The Battles of Copenhagen

/ britishbattles.com

/ britishbattles.com

When the history student thinks of Denmark, he will not think of that Scandinavian country as a bristling enemy of Britain, except possibly during Denmark (and Norway’s) Viking stages. But the fact is that in 1801 and 1807 Britain found herself at grips with peaceful Denmark. It was all the fault of Bonaparte or course . . .

These dates occurred during The Napoleonic Wars. The Baltic Powers of Russia, Prussia, Denmark and Sweden had formed a League of Armed Neutrality (they thought) to prevent Britain interfering with their normal maritime trade with France. As a result the British, without bothering to declare war, sent a fleet to destroy the Danish Navy at Copenhagen (port and capital of Denmark) in 1801. Such an action now sounds amazing, and indeed plenty of MPs in London at the time found it amazing too.

Admiral Sir Hyde Parker attacked from the north, and Nelson, no less, from the south but the weather was terrible and Nelson lost three ships, though he still managed to capture or sink all but three of the Danish vessels. The League was finished. The Danes realised they might have joined the wrong side, but complaining bitterly, set about re-building their damaged fleet.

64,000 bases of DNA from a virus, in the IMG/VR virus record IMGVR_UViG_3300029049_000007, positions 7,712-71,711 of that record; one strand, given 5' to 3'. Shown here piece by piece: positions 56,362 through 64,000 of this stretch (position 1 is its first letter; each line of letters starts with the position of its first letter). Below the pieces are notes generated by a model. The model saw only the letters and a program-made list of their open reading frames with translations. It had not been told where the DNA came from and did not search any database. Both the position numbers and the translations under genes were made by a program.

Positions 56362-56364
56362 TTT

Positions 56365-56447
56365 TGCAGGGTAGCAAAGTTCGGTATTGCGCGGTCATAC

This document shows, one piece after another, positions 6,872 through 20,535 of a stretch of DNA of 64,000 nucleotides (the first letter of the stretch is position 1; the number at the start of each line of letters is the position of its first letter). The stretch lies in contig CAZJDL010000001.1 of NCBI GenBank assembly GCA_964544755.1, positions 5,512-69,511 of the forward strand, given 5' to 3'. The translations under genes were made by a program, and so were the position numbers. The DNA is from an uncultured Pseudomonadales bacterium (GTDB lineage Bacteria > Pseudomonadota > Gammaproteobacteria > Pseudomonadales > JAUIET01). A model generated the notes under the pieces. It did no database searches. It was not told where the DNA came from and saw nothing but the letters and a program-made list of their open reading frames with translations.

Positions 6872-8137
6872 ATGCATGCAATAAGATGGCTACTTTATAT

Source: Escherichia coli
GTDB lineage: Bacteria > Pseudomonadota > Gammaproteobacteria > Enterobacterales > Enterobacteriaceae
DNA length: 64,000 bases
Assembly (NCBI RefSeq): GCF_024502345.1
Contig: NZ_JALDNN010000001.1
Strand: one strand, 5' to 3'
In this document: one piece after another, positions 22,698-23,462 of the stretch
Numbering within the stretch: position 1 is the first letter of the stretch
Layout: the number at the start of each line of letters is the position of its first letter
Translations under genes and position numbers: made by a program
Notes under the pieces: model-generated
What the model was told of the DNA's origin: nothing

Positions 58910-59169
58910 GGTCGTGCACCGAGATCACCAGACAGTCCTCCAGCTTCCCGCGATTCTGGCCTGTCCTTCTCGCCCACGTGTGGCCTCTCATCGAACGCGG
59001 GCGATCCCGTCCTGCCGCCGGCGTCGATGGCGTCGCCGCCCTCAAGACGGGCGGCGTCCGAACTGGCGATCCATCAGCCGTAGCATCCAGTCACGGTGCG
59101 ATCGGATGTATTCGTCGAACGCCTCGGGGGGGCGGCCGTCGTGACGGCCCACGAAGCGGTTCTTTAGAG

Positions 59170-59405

In 1807 London learned from intelligence that Bonaparte was about to seize the newly constructed Danish fleet in order to drive Britain out of the Baltic. Britain promptly sent a military and naval expedition to bombard and invade Copenhagen. Now the Danes were really furious and became Bonaparte’s most reliable ally in enforcing the Continental Blockade (q.v.) against Britain. She paid dearly for this perfectly reasonable decision when Britain and her allies won the Napoleonic Wars and the Congress of Vienna (1815) awarded Norway (Denmark’s closest ally) to Sweden!

Some might say Britain was thus revenged for the Norse attacks during the Dark Ages on northern and eastern Britain which led to around seven centuries of Danelaw in parts of East Anglia and Kent. Luckily things were patched up diplomatically in the early nineteenth century between Scandinavia and Britain. Indeed at the commencement of the Second War Hitler invaded Norway and Sweden knowing they were partners with Britain. Oddly enough, he respected Sweden’s neutrality, most abnormal for Hitler.

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